Skin cycling is the latest skincare trend to take social media by storm. Designed to promote skin recovery, the idea consists of rotating a specific four-day routine. But is the hype to be believed or is it too good to be true? Discover the pros and cons of this viral method and decide for yourself.
What is Skin Cycling?
Coined by a dermatologist with a large TikTok fan base, skin cycling is based on repeating an intensive four-night beauty regimen. On the first night you use an exfoliant, on the second a product containing retinol and the final two nights are for recovery, where calming and hydrating ingredients are used. The idea is to create a “shock effect” on the skin, maximising the benefits of exfoliation and retinol but with a simple routine.
Is it suitable for everyone?
In my opinion, skin cycling is not suitable for everyone. Those who suffer from sensitive skin need to be especially careful with this trend. It is based on active ingredients that are repeated in short cycles, many of which are known to provoke strong allergic reactions. What’s more, I believe only allowing two nights for the skin to rest and recover is not enough time after using such aggressive products. Not to mention we have yet to study the long-term effects of this routine and the possible negative impact on skin health it may have.
That being said, if you have normal skin this new trend could work as a shortcut if you are looking for a quick way to boost dull skin. Skin cycling ultimately gets rid of mature skin cells, exposing new “brighter” ones below. But, a word of warning, if you want to treat hyperpigmentation with this method, you will have to wait longer. Treatment of dark spots requires waiting a minimum timeframe of 3 months, which is the average time it takes for complete cell turnover to take place.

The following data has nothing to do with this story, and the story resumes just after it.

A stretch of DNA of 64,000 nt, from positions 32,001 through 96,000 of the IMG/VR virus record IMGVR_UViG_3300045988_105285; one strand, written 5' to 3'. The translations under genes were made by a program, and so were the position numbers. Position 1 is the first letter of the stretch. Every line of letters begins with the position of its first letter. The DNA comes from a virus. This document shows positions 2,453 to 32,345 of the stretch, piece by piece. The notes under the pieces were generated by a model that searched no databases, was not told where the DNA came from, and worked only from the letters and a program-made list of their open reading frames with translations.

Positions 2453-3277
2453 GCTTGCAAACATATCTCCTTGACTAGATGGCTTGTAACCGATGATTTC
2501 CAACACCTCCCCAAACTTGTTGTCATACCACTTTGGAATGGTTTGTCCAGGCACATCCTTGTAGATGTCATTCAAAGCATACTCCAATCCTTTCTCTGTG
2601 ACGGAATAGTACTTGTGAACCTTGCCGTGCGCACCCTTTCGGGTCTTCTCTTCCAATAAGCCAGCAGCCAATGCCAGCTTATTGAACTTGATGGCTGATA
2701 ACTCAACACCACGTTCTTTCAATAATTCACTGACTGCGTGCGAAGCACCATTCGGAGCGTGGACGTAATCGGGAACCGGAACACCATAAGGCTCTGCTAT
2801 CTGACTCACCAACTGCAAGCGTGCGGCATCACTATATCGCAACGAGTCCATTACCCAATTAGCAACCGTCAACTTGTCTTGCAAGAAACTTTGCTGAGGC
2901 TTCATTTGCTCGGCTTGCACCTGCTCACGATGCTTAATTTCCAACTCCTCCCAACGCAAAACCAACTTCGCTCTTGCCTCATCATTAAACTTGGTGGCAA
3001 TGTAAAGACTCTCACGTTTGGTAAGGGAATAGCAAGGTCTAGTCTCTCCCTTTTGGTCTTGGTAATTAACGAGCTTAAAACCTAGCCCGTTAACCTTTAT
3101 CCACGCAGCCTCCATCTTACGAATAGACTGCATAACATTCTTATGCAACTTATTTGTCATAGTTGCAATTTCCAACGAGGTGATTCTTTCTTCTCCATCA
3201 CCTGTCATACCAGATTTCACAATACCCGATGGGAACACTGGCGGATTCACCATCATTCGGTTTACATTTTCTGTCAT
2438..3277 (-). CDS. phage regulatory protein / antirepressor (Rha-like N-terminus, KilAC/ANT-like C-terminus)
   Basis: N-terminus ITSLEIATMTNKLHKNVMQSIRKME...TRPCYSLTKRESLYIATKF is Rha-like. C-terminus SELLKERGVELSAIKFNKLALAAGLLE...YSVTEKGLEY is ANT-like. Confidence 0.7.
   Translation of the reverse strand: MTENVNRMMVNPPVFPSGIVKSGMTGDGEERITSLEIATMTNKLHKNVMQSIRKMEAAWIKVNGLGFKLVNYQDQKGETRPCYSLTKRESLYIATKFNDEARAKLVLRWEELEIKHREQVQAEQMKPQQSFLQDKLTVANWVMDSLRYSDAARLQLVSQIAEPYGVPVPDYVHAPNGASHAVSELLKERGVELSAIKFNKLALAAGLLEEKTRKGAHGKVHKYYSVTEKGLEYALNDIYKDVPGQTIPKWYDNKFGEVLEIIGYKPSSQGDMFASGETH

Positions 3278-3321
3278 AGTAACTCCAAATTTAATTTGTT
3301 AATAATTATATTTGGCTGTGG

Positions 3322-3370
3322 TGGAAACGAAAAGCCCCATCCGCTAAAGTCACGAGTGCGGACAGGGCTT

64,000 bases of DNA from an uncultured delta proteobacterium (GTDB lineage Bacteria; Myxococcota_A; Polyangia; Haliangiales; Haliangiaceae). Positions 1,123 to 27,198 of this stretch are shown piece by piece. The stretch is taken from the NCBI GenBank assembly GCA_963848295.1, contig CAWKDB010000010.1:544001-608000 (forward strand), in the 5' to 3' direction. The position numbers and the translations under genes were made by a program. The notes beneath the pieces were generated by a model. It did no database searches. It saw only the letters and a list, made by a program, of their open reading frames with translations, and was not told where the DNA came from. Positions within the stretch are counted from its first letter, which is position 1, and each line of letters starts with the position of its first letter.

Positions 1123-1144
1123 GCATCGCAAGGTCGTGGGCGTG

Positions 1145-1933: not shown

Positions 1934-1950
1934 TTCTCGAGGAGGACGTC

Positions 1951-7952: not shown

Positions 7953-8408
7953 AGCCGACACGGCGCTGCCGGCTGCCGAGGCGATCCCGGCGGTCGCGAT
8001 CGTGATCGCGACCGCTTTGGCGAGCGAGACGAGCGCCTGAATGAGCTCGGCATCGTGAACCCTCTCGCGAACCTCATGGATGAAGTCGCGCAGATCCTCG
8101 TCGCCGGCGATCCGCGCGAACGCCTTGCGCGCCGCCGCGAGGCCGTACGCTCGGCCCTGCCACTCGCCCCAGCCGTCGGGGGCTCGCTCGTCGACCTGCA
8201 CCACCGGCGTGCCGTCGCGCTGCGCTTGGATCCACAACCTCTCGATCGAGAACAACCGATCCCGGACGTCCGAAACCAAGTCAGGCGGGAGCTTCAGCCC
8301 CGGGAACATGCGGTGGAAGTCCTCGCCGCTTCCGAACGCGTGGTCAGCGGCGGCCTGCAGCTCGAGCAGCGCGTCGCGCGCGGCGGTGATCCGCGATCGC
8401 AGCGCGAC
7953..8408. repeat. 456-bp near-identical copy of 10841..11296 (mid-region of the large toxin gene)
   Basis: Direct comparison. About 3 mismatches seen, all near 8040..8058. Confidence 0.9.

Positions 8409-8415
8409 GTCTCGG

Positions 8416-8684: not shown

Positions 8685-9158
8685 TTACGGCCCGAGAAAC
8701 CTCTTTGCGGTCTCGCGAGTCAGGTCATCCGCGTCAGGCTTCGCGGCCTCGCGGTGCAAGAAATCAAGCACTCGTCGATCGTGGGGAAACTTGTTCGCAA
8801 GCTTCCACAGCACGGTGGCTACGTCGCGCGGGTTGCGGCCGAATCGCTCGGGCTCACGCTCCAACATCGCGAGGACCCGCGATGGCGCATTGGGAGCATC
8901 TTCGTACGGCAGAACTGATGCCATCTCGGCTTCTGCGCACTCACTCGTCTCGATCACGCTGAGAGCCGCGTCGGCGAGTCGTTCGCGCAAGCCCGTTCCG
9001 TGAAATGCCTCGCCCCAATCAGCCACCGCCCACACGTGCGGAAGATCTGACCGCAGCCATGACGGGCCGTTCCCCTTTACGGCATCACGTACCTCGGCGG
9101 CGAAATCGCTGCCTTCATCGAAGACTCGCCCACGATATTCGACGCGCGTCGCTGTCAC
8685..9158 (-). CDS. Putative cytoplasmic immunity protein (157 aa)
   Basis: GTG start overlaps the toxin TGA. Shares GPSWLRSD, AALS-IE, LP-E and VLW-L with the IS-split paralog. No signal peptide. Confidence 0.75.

The real skin cycle…
Our skin has its own cycle. During a 28-day process, young skin cells migrate towards the most superficial layers of our epidermis. In this process the cells mature and strengthen as they travel up to the outer layers, also changing their composition on the way. It is a necessary process as mature cells act as a barrier and provide key molecules to our hydrolipidic film, before being shed naturally. For me, it is essential to honour the natural rhythm of our skin and avoid over-exfoliating. Failing to do so can cause a whole host of skin problems.
The key to healthy skin
The three basic pillars for healthy skin are elasticity, hydration and the right pH, usually around pH5. Furthermore, I’m a big advocate of listening to your skin and its needs. Of using the correct ingredients/products to treat your skin concerns and using a delicate, surfactant-free cleanser. At the same time, opting for a moisturiser with skin-compatible ingredients also makes for healthy, happy skin.
An alternative routine to skin cycling…
As a natural alternative to nightly exfoliation, I recommend using either: Clementine Cleansing Balm as it deep cleanses pores, dissolving trapped impurities; Or, Charcoal Peace Calming Cleanser as an alternative to chemical exfoliation due to being high in clays and activated charcoal.
To achieve a similar effect to that of retinol, reach for Ideal Rebalancing Level Serum. Thanks to its eudermic pH and high prebiotic content skin maintains its healthy microbiome. Its high molecular weight hyaluronic acid helps to keep the skin supple and hydrated. Last but not least, the formula’s innovative mixture of polysaccharides and antioxidants neutralises free radical damage and helps to reduce water loss from the skin’s outer layers.
When it comes to reinforcing the skin barrier, I propose two options: Intelligent Frontier Facial Oil, to stimulate the production of filaggrin, an essential protein for correct barrier function; Or, Nutritive Repair Emulsion, rich in linoleic acid, a key component to keep our skin barrier strong.